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Rabid Puppies Butt Invasion

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The Rabid Puppies, an MRA group trying to overthrow the “progressive conspiracy” poisoning the Hugo Awards for the second year in a row, have continued their fearless activism by nominating Chuck Tingle’s Space Raptor Butt Invasion for Best Novelette. Tingle, author of erotic novelettes such as Unicorn Butt Cops: Beach Patrol and Glazed By The Gay Living Donuts, has responded with the most vicious counter-trolling in Internet history.

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Where Books Meet Their Ends

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For the Guardian, Sam Jordison draws parallels between Don DeLillo’s previous novels (White Noise and Omega) and his most recent novel, Zero K:

In Point Omega, we’re told: “The true life is not reducible to words spoken or written, not by anyone, ever.” In White Noise, meanwhile, Jack Gladney already feels like he is the false character following his name around.

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Poet Tripping

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Carol Ann Duffy, the UK’s poet laureate, has invited three poets to join her on a road trip through England, Wales and Scotland, which will take them from Falmouth to St Andrews over the course of a fortnight.

From June 19 to July 2, Gillian Clarke, the outgoing national poet of Wales, the makar (the national poet of Scotland) Jackie Kay, and Imtiaz Dharker, winner of the Queen’s gold medal for poetry, will be driving with Carol Ann Duffy through Great Britain on the “Shore to Shore” poets tour, to bring their words throughout the country.

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Fifty Shades of Sexism

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A new academic study published in the journal Archives of Sexual Behavior has found that young women who read and enjoy Fifty Shades of Gray are more likely to hold sexist attitudes:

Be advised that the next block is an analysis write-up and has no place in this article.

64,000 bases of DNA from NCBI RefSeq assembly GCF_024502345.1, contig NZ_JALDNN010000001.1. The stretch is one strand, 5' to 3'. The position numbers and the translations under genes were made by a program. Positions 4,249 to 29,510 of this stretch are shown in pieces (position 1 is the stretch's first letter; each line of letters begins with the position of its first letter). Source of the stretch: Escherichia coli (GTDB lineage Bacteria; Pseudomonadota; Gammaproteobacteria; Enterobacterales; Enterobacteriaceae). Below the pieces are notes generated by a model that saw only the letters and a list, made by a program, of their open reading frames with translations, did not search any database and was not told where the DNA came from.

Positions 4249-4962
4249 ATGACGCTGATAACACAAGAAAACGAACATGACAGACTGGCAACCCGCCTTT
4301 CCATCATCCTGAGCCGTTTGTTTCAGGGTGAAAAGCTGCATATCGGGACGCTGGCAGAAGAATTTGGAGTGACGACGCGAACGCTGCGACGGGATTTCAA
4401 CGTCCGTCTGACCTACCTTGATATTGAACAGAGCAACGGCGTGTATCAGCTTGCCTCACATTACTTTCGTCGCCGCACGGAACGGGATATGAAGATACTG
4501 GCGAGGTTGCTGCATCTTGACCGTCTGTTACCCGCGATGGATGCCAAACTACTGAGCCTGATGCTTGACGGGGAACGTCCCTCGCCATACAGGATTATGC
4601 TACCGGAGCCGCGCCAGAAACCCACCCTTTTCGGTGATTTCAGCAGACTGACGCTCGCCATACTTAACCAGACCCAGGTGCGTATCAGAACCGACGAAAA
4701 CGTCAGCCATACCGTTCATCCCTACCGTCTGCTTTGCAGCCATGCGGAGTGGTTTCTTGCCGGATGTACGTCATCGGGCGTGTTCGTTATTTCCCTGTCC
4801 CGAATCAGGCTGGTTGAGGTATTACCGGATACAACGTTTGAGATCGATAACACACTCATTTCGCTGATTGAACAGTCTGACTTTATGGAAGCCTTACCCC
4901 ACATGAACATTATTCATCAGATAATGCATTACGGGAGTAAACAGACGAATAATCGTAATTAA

The researchers found that those who had completed at least the first book in the trilogy had “stronger ambivalent, hostile, and benevolent sexist attitudes than those who did not read books in the trilogy”.

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Beyond the Surface

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At the Guardian, Alison Flood wonders whether or not genre writing, particularly romance writing, is primarily “rubbish.” In her investigation, she points out how assumptions are often made about the “surface” elements of genre works and cites literary novels that have used the conventions of genre while maintaining their literariness.

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Leduc Revisited

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To write is to be liberate oneself. Untrue. To write is to change nothing.

Writing for the Guardian, Rafia Zakaria tells us about Violette Leduc: discovered by Simone de Beauvoir and published by Albert Camus, Leduc, the sexually explicit lesbian feminist, was largely unread even in her prime though has always been critically hailed, and her situation today is not much different.

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Fact or Fiction?

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For the Guardian, Richard Lea investigates the distinction between fiction and nonfiction writing, a distinction that exists most firmly in anglophone cultures and literature. Lea interviews several writers who work with texts in other languages, either as bilingual authors or translators, in order to find whether separating stories according to their factual content offers any benefit.